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Dr. Armstrong remembers Judge Wargrave as having had "great power with a jury - it was said he could make their minds up for them any day of the week". According to rumor, the Judge had indeed gotten "one or two unlikely convictions out of them"; he had the reputation of being "a hanging judge".
Dr. Armstrong does not at first recognize the Judge. The "old gentleman" ldoes ook "vaguely familiar", however, and Armstrong wracks his brain trying to remember where he has seen "that frog-like face, that tortoise-like neck, that hunched up attitude...those pale, shrewd little eyes". Suddently it comes to him that the person in question is none other than "old Wargrave"; Armstrong had "once given evidence before him". Armstrong notes that the Judge always looks as if he is "half asleep", but he knows from experience that he is as "shrewd as can be when it came to a point of law". Armstrong reflects that it is odd meeting the Judge again on Indian Island (Chapter 2, Part 7).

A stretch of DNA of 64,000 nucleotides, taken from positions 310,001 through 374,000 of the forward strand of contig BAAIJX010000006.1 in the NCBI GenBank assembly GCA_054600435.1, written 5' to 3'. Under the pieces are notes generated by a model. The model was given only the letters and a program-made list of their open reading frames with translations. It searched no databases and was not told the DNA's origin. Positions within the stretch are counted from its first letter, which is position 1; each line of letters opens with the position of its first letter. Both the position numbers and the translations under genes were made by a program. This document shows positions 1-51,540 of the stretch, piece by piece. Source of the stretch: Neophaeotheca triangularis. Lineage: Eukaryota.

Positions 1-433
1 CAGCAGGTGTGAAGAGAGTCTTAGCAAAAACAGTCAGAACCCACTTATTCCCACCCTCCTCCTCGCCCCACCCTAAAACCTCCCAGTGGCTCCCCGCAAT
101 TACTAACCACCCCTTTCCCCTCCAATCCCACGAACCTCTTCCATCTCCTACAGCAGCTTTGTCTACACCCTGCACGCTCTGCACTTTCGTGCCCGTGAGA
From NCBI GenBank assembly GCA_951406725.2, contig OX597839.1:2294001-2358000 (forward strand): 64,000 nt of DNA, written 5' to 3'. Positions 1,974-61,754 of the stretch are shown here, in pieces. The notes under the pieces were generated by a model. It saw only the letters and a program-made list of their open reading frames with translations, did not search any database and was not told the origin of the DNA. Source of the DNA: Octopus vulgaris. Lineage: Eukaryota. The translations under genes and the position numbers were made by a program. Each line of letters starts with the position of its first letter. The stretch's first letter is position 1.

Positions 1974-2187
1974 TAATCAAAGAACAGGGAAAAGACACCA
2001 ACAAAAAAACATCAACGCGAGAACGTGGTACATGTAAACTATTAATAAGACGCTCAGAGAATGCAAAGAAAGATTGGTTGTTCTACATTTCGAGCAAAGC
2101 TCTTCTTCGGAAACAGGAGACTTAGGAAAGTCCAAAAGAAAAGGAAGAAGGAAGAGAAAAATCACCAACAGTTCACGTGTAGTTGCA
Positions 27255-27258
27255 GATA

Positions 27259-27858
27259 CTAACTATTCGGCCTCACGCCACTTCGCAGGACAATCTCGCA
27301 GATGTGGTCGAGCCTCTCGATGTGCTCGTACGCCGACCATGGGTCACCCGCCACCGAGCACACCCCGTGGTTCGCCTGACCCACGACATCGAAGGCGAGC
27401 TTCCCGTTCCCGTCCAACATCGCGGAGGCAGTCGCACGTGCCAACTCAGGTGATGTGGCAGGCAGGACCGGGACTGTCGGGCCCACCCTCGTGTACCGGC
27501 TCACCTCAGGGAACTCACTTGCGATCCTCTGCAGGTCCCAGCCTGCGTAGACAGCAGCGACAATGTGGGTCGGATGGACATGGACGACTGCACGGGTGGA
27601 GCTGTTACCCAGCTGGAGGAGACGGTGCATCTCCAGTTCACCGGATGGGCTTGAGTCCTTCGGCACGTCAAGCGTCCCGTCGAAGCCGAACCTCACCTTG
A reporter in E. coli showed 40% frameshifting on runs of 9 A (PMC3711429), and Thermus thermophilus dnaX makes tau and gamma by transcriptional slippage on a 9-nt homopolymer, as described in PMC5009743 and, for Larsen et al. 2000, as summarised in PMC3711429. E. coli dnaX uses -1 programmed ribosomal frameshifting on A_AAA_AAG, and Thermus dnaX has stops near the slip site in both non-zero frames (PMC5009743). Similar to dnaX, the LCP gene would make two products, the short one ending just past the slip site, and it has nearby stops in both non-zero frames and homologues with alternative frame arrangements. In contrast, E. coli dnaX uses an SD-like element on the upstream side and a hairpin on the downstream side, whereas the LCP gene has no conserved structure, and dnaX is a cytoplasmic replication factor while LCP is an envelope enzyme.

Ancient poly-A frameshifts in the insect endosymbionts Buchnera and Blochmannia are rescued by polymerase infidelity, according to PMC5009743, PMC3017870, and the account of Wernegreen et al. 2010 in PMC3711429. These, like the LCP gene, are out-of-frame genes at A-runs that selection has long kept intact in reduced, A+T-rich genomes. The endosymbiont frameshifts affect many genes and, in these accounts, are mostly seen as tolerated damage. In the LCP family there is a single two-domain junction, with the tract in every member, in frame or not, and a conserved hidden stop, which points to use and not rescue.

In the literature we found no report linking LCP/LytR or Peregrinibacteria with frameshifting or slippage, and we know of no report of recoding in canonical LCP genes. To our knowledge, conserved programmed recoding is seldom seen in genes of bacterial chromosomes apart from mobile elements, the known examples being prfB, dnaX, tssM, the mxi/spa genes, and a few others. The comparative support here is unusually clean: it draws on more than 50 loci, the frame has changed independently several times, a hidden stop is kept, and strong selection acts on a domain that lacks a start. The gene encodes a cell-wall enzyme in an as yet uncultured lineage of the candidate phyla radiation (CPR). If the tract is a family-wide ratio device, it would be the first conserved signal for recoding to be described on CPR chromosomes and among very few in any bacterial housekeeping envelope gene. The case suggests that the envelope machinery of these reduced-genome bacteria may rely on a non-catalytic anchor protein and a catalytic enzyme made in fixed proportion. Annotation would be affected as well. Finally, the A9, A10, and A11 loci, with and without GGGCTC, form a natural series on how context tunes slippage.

It is General Macarthur who wants to leave the island soon after he arrives. He is not comfortable with the people there, and feels that "the whole thing (is) deuced odd...not at all what he'd been led to expect". He considers making an excuse and getting away from the place - "throw up the whole business". It is too late for General Macarthur to leave the island now, however. The motor boat that has brought him and the others there has returned to the mainland (Chapter 2, Part 11).
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